South Korea more than 20 years ago secretly conducted an experiment with traces of plutonium, a key ingredient in making nuclear weapons, a senior Bush administration official disclosed Wednesday.
The revelation follows disclosure last week that the U.S. ally had conducted four secret uranium-enrichment experiments four years ago.
North Korea responded on Wednesday to the uranium-enrichment experiments by warning of a “nuclear arms race” in Northeast Asia.
The United States, with the support of South Korea, Japan, China and Russia, has been trying to negotiate an end to North Korea’s nuclear weapons program. The talks are due to resume at the end of the month, but no date has been announced.
Plutonium and enriched-uranium are the two key ingredients of nuclear weapons.
South Korea is discussing its actions with the U.N. International Atomic Energy Agency in Vienna, said the senior official, who spoke on condition of anonymity.
The administration is aware generally of the content of South Korea’s reporting to the IAEA on nuclear experimental activity conducted in past years, another U.S. official said. The administration is confident the agency will thoroughly pursue any inconsistencies or questions, said the official, speaking on condition of anonymity.
Meanwhile, North Korea’s envoy to the United Nations, Han Sung Ryol, told the South Korean national news agency Yonhap that it found the United States “worthless” as a dialogue partner because it applied double standards to the two Koreas. This could be a tip-off that North Korea will resist or delay efforts to halt its weapons program.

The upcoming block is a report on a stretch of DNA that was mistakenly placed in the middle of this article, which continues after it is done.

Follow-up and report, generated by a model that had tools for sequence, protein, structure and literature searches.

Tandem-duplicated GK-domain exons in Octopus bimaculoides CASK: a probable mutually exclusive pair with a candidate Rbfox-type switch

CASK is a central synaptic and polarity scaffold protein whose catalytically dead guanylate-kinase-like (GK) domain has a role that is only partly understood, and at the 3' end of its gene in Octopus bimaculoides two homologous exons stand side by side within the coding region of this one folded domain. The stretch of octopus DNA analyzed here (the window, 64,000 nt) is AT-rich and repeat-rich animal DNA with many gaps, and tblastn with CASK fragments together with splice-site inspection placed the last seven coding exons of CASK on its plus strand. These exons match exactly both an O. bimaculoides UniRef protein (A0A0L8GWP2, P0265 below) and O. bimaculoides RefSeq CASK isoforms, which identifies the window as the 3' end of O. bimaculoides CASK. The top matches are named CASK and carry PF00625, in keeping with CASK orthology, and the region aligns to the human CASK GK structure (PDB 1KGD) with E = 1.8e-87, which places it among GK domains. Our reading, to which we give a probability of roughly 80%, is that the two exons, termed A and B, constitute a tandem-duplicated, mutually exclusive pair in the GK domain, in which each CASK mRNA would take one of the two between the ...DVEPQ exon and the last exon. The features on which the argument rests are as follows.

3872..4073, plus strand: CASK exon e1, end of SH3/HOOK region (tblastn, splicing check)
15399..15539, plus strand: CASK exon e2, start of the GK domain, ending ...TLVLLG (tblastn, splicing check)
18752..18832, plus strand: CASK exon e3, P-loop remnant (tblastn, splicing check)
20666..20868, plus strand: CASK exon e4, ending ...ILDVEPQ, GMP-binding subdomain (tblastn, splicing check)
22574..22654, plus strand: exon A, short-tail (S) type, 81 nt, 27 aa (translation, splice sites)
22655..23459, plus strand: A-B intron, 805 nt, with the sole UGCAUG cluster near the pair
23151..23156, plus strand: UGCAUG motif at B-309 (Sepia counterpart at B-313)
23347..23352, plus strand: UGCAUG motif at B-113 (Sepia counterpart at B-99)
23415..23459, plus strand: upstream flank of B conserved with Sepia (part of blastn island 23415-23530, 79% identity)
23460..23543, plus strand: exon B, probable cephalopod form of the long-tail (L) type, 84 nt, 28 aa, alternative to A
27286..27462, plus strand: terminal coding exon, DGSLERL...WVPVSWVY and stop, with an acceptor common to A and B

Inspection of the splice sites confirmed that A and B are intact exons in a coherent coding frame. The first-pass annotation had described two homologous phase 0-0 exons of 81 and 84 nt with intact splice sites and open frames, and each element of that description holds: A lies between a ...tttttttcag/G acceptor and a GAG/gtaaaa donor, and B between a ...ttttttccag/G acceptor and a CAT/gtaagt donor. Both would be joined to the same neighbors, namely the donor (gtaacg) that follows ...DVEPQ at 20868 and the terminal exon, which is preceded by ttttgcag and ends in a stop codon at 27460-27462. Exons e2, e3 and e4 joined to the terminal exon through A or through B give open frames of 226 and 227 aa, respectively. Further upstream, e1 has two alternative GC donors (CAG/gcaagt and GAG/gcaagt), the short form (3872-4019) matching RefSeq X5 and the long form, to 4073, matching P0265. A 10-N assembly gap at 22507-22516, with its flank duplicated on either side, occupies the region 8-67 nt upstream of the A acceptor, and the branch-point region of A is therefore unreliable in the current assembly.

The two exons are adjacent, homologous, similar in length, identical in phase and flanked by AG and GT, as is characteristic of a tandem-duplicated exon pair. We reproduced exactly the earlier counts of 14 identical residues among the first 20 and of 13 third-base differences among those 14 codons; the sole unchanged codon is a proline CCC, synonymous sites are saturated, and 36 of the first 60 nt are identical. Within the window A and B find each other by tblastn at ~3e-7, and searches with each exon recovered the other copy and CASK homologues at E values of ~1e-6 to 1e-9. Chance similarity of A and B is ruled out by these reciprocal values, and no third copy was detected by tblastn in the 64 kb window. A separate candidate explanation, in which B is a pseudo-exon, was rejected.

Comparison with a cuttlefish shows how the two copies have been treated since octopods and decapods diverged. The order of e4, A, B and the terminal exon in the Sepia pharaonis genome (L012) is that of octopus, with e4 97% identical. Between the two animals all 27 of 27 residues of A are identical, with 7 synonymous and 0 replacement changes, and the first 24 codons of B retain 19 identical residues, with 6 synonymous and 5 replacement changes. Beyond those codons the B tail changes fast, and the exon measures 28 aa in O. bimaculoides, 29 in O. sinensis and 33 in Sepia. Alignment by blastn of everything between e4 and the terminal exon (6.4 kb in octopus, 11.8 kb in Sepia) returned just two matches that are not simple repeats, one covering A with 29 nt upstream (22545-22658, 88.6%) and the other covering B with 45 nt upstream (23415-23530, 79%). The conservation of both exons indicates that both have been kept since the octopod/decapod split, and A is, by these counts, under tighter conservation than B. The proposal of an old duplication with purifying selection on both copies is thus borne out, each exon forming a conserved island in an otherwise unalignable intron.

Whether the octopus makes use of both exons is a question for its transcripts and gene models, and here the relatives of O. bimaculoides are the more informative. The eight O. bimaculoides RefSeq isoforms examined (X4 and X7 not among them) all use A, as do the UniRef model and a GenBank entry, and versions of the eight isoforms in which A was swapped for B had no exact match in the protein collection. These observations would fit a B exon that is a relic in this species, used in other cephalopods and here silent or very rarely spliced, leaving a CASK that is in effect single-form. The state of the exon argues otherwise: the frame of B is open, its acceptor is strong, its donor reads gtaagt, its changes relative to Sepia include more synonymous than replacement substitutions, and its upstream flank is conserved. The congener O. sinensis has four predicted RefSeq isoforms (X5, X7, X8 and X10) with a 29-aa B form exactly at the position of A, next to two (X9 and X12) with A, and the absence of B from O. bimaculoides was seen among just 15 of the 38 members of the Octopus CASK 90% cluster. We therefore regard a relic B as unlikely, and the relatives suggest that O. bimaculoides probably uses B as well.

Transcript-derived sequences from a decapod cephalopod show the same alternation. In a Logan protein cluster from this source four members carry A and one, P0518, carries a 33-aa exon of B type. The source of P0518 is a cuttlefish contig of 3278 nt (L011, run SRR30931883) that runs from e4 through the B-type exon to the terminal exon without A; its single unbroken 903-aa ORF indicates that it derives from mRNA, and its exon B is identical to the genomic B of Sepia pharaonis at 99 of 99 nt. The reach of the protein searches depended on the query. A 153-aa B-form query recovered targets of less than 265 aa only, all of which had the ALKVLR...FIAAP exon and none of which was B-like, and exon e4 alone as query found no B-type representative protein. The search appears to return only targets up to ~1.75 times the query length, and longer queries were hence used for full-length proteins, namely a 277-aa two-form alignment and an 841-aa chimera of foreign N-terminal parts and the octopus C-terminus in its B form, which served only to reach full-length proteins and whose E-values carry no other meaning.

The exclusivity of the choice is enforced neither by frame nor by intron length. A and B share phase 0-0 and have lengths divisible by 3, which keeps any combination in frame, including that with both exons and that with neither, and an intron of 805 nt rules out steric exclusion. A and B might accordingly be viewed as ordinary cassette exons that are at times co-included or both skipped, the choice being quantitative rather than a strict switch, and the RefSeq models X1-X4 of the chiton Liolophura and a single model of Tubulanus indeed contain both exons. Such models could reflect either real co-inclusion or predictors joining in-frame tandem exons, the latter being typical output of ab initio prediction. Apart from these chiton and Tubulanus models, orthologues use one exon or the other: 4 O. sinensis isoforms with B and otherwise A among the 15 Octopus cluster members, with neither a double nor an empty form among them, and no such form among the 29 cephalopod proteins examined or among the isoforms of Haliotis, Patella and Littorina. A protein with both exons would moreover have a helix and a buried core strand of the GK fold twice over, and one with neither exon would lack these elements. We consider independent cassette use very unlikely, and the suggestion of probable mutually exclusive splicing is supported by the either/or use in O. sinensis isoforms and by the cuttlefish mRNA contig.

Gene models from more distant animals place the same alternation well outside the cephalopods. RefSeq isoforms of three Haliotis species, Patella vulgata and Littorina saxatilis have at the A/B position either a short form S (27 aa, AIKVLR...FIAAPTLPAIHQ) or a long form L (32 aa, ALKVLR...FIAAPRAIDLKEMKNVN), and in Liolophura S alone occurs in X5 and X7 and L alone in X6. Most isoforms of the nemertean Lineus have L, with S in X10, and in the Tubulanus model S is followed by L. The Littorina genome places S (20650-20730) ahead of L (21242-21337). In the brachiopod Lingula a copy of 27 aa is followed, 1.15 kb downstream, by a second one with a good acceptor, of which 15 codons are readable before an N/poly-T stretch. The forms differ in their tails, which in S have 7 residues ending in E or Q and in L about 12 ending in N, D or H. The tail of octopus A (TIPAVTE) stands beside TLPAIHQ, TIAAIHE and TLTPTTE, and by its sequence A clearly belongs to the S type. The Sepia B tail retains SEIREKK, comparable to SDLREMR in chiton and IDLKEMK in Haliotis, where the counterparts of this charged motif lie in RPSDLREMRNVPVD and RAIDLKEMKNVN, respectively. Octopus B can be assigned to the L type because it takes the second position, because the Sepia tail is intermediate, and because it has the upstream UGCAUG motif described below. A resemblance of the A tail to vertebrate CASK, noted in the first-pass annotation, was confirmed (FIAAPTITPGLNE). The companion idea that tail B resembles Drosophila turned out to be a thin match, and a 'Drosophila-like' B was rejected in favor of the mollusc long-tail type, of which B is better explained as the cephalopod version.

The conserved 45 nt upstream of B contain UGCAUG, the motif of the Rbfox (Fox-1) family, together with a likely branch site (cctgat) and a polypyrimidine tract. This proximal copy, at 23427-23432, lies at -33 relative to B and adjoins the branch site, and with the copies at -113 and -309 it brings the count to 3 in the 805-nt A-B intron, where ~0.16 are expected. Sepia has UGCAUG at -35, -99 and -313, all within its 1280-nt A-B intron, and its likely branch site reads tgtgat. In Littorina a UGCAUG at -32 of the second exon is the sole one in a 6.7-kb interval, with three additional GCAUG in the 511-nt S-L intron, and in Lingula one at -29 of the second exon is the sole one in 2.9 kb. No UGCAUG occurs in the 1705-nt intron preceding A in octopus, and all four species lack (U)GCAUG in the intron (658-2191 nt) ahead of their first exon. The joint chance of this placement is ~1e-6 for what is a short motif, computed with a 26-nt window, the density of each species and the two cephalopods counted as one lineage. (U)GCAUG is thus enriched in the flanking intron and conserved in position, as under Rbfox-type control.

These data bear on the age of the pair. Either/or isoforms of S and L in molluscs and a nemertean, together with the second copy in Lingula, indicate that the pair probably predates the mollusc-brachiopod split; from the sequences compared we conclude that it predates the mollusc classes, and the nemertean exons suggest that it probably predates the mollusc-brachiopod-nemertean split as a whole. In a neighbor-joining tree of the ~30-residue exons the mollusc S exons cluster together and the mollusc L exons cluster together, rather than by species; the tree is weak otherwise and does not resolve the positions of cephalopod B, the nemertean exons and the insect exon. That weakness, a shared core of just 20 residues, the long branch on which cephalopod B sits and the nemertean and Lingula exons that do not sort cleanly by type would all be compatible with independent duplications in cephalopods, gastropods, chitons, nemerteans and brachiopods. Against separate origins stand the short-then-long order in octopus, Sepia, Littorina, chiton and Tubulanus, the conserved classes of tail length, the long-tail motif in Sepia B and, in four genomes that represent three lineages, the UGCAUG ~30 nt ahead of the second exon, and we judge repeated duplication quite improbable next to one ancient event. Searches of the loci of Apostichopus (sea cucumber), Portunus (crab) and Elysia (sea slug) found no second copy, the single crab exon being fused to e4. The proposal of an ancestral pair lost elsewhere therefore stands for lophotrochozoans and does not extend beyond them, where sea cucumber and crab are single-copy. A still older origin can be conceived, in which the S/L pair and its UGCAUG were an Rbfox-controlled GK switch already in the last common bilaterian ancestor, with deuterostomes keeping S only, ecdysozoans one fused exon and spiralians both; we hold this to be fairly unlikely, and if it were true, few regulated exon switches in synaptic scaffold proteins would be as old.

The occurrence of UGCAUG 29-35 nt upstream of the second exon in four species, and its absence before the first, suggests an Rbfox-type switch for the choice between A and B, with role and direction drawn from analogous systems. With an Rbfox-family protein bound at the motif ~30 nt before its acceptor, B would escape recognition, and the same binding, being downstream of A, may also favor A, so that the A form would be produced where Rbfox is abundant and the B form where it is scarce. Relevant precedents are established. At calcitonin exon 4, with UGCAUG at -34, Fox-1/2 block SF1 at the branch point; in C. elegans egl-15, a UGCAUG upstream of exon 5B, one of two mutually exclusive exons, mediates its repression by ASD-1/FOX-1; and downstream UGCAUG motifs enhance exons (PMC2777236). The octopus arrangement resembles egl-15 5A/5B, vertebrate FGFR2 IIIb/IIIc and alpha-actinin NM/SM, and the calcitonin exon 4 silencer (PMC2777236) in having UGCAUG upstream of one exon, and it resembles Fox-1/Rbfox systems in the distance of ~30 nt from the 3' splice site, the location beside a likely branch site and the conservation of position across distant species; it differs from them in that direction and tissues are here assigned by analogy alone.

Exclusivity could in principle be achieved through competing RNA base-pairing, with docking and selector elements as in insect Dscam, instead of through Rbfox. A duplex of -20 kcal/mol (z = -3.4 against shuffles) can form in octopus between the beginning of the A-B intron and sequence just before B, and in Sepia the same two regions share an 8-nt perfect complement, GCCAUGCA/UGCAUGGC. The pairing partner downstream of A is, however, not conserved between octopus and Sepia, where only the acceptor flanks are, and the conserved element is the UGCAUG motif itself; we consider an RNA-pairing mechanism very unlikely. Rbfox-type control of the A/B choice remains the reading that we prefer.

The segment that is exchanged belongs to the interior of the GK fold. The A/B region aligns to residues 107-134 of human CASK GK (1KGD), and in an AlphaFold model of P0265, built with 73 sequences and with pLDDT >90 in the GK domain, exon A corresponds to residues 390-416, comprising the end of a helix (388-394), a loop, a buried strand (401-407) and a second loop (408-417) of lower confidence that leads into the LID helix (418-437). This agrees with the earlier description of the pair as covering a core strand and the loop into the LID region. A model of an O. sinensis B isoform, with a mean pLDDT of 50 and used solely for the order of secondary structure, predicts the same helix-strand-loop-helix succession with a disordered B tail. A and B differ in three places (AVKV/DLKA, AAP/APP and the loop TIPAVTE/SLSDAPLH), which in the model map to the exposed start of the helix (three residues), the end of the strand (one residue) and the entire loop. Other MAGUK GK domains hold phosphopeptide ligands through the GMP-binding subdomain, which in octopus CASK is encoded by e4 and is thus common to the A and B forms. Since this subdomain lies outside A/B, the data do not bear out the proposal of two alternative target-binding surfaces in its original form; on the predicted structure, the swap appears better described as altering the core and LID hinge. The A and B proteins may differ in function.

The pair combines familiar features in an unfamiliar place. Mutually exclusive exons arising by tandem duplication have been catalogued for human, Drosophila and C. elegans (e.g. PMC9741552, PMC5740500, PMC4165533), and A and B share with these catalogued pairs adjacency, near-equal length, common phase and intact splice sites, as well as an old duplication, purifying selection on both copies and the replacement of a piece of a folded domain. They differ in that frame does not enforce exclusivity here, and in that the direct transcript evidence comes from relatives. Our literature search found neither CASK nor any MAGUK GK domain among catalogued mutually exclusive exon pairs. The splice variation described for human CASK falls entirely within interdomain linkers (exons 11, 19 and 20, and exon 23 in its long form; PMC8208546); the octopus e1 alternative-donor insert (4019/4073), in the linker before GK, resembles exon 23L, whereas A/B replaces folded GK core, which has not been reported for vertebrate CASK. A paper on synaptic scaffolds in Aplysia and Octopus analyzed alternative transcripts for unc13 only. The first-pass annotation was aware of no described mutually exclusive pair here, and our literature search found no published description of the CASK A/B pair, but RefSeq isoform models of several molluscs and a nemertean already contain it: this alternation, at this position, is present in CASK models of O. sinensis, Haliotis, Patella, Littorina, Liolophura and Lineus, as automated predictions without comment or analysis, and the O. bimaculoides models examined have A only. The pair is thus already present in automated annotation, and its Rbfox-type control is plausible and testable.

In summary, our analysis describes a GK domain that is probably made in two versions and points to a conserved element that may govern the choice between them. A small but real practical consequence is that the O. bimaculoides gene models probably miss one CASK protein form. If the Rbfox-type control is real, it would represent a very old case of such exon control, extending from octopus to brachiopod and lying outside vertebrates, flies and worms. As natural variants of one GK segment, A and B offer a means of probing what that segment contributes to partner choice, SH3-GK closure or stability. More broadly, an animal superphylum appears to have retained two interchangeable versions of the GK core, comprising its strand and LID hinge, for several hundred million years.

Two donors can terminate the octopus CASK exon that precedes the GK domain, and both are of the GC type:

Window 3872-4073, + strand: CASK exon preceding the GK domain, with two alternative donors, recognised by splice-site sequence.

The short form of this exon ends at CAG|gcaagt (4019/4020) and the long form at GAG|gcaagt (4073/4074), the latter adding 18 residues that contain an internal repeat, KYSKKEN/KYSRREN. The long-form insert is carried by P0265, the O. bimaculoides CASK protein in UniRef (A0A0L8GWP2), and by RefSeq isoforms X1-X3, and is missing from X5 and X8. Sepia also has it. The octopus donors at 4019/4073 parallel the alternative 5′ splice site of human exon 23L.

The State Department last week criticized South Korea for its secret work on uranium enrichment while praising South Korea for working with the IAEA to make sure the program had ended.
The uranium and plutonium disclosures came amid a strenuous effort by the Bush administration to stop Iran from beginning a uranium-enrichment program that U.S. officials say could produce four nuclear weapons.
“We are in touch with the South Korean government,” State Department spokesman Richard Boucher said Wednesday when asked whether South Korea had experimented with plutonium.
“We are also aware generally of what the South Koreans reported to the International Atomic Energy Agency on nuclear experiments conducted in past years,” he said.
“We have confidence that the agency will pursue all these matters,” said Boucher, adding that he would withhold comment “as far as other possibilities” apart from the uranium-enrichment experiments.
No repeat performance
South Korea is in the process of verifying to the U.N. agency that its uranium-enrichment activity “has been eliminated and will not be repeated,” Boucher said last week.
“But what they had done in the past was activity that should not have occurred,” he said. “It’s activity that must be eliminated, and we are glad that South Korea is working in a transparent manner to do that.”
The spokesman said the scale of South Korea’s enrichment work was much smaller than that of North Korea’s and Iran’s. And he called on North Korea to disclose its activity to the U.N. agency.
Daryl G. Kimball, executive director of the Arms Control Association, said even after South Korea ratified the Nuclear Non-Proliferation treaty in 1975, pledging not to try to develop nuclear weapons, Seoul was suspected of trying to keep nuclear options open.
It had a nuclear weapons research program in the early 1970s but the conventional wisdom was that South Korea did not acquire technology for enriched uranium or plutonium, Kimball said.
The disclosure Wednesday indicates efforts to close down the program were not completely successful, the head of the private research group said in a telephone interview.
“The devil is in the detail here, but in terms of newness I think that this probably is a surprise but it is not particularly shocking, either,” he said.
Still, Kimball contrasted what South Korea had done as not an immediate problem compared to North Korea’s current, active pursuit of nuclear weapons.